DNA Sampling — For Everyone?

dna11a.jpgThe New York Times reports:

The Justice Department is completing rules to allow the collection of DNA from most people arrested or detained by federal authorities, a vast expansion of DNA gathering that will include hundreds of thousands of illegal immigrants, by far the largest group affected.

The new forensic DNA sampling was authorized by Congress in a little-noticed amendment to a January 2006 renewal of the Violence Against Women Act, which provides protections and assistance for victims of sexual crimes. The amendment permits DNA collecting from anyone under criminal arrest by federal authorities, and also from illegal immigrants detained by federal agents. . . .

The goal, justice officials said, is to make the practice of DNA sampling as routine as fingerprinting for anyone detained by federal agents, including illegal immigrants. Until now, federal authorities have taken DNA samples only from convicted felons.

The collection of DNA is now expanded to arrestees, whereas before it was for convicted criminals. Does the fact that it applies to arrestees–people who could be innocent of crimes–change the privacy implications? In the past, I’ve posted about whether there should be a national DNA database for everyone. The arguments made on behalf of the DNA database for arrestees and convicts could readily apply to such a broader DNA database. I wrote:

The benefits of using DNA identification are quite significant, since many people who have been wrongly convicted based on erroneous eye witness testimony (which is very unreliable) have been exonerated with DNA. Adding more DNA profiles will improve the database.

Nevertheless, I am very wary of the power the database gives the government. Since we leave trails of our DNA wherever we go, it might be possible to link particular people to particular places. That’s what is done with crime scenes, but what if the use expanded beyond crime scenes?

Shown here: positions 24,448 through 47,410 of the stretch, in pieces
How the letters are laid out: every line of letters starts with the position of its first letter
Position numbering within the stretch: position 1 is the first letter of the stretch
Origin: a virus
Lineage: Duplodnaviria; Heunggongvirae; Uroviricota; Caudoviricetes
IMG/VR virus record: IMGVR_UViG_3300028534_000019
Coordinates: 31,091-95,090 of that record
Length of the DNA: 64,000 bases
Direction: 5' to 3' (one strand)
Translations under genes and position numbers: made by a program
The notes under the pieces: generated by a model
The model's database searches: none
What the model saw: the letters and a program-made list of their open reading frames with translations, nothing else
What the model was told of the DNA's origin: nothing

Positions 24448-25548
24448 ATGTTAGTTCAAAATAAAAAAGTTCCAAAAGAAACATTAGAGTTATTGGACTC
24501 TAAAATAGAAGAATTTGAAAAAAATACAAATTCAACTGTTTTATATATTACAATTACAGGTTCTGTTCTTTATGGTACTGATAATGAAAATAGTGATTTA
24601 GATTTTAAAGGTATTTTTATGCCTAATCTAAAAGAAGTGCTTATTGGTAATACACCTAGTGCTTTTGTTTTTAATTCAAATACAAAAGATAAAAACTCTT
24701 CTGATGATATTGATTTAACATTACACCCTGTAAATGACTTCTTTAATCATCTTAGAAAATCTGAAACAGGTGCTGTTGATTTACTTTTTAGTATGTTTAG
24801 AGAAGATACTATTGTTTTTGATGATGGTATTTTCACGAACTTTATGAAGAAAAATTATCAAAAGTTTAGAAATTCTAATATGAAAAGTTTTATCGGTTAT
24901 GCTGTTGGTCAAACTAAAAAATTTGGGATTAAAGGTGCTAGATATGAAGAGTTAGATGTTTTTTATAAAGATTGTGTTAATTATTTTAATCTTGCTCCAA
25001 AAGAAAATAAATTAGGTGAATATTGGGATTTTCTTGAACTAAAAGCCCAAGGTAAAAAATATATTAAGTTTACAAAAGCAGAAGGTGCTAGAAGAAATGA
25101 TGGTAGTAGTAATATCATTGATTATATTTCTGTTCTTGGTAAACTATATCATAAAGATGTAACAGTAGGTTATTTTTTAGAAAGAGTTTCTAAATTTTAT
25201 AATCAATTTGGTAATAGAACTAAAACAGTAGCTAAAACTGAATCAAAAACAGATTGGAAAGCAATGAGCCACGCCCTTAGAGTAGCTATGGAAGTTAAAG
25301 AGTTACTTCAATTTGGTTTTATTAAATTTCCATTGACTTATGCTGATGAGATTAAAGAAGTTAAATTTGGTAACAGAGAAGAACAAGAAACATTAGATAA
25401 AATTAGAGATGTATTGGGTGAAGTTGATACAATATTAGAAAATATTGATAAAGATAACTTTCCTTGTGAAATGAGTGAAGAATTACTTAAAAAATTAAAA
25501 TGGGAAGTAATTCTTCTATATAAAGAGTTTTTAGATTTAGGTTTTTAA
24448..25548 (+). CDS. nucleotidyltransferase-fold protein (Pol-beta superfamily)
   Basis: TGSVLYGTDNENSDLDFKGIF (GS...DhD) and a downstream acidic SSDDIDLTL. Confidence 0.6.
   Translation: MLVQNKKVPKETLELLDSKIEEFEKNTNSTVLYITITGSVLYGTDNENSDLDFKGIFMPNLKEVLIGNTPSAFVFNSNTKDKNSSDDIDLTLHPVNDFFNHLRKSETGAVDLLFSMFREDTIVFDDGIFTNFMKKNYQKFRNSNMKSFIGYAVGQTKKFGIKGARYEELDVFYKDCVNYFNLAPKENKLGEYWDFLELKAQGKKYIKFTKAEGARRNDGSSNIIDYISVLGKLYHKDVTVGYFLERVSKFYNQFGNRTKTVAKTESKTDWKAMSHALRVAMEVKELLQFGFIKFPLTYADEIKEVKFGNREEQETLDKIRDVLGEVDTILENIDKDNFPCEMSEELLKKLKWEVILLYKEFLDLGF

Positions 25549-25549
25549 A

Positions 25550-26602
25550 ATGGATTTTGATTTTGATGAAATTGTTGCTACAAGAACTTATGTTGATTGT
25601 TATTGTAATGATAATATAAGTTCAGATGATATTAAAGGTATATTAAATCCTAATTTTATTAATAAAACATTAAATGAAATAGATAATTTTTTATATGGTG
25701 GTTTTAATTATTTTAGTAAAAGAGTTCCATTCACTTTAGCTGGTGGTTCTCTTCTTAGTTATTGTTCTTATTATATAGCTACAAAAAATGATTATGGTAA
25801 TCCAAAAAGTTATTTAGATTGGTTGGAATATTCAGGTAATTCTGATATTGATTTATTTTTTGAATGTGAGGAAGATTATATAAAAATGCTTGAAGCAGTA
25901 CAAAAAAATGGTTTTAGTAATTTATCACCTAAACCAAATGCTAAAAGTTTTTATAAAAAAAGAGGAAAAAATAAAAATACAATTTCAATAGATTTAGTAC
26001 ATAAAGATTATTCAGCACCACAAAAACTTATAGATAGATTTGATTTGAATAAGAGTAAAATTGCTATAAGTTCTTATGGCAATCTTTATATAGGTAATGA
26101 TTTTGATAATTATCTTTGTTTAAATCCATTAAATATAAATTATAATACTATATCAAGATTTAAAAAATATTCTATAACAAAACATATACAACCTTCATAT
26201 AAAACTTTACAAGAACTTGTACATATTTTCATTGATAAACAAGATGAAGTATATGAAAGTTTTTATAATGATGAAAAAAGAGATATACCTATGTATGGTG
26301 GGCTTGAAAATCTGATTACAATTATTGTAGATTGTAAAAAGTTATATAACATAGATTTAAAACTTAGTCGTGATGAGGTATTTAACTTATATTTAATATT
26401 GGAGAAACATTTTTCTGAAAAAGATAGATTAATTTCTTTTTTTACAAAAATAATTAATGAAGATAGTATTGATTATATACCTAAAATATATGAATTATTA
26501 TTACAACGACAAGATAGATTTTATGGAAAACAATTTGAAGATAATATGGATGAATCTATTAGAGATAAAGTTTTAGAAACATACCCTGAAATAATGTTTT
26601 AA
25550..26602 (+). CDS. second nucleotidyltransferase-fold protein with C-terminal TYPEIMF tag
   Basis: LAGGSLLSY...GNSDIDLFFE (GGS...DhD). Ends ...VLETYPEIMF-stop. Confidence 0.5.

For those who are unconcerned about the collection of DNA for arrestees, what if the DNA database contained the DNA of all citizens? After all, if it is beneficial in investigating crime and can be extended to arrestees who are later exonerated, why not take the next step and extend it to everybody? Would this pose a problem?

Hat tip: Deven Desai

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5 Responses

  1. KipEsquire says:

    I don’t see how expanding DNA databases helps acquit the innocent. If I’m falsely accused and there is DNA evidence of the truly guilty party, then I will simply volunteer a sample of my own for comparison, just as I would produce any other exculpatory evidence. “Improving the database” has nothing to do with it.

  2. PK says:

    Is the routine collection of this kind of personal identifying information from arrestees reasonable under the Fourth Amendment? It seems that the police have a valid interest in identifying who they’ve arrested, so fingerprinting makes sense to a certain extent. But how is this routine collection of DNA reasonably related to the investigation of every crime?

  3. I hope this does get challenged under Fourth Amendment, and under general privacy concerns in the legislature. Fingerprints of innocents, pervasive surveillance cameras, “digital dossiers”, and now DNA. How much freedom will we have left to love?

    DNA (like fingerprints and retinas) can’t be changed like a password when it gets compromised, and can be abused in so many ways.

  4. I have no problem with convicted felons being put in a DNA database; am more ambivalent about arrestees and not at all thrilled about a universal database.

    I am however amused that despite that we are required to report annually where we live and what we did with our lives the previous year to a Federal AND State government agency; despite that we cannot give a dollar to any Federal office candidate without disclosing who we are, where we live and how much we give…and we better have not given too much; despite all that, a swab of saliva is what gets so-called civil libertarians so excited.

  5. Sigivald says:

    The question being, of course, whether it’s an “unreasonable” search and seizure or not.

    As there are no guidelines in the Constitution for what constitutes a “reasonable” search or seizure (let alone in the context of technology not even imagined in 1789), it’s impossible to say in a clear and obvious way whether or not it’s Constitutional.

    It might well be a terrible idea from a civil liberties point of view even if it’s Constitutionally permissible; too many people constantly make the (unconscious?) assumption that the Constitutional and the Right are isomorphic. (Big fancy talk for “the same”, really.)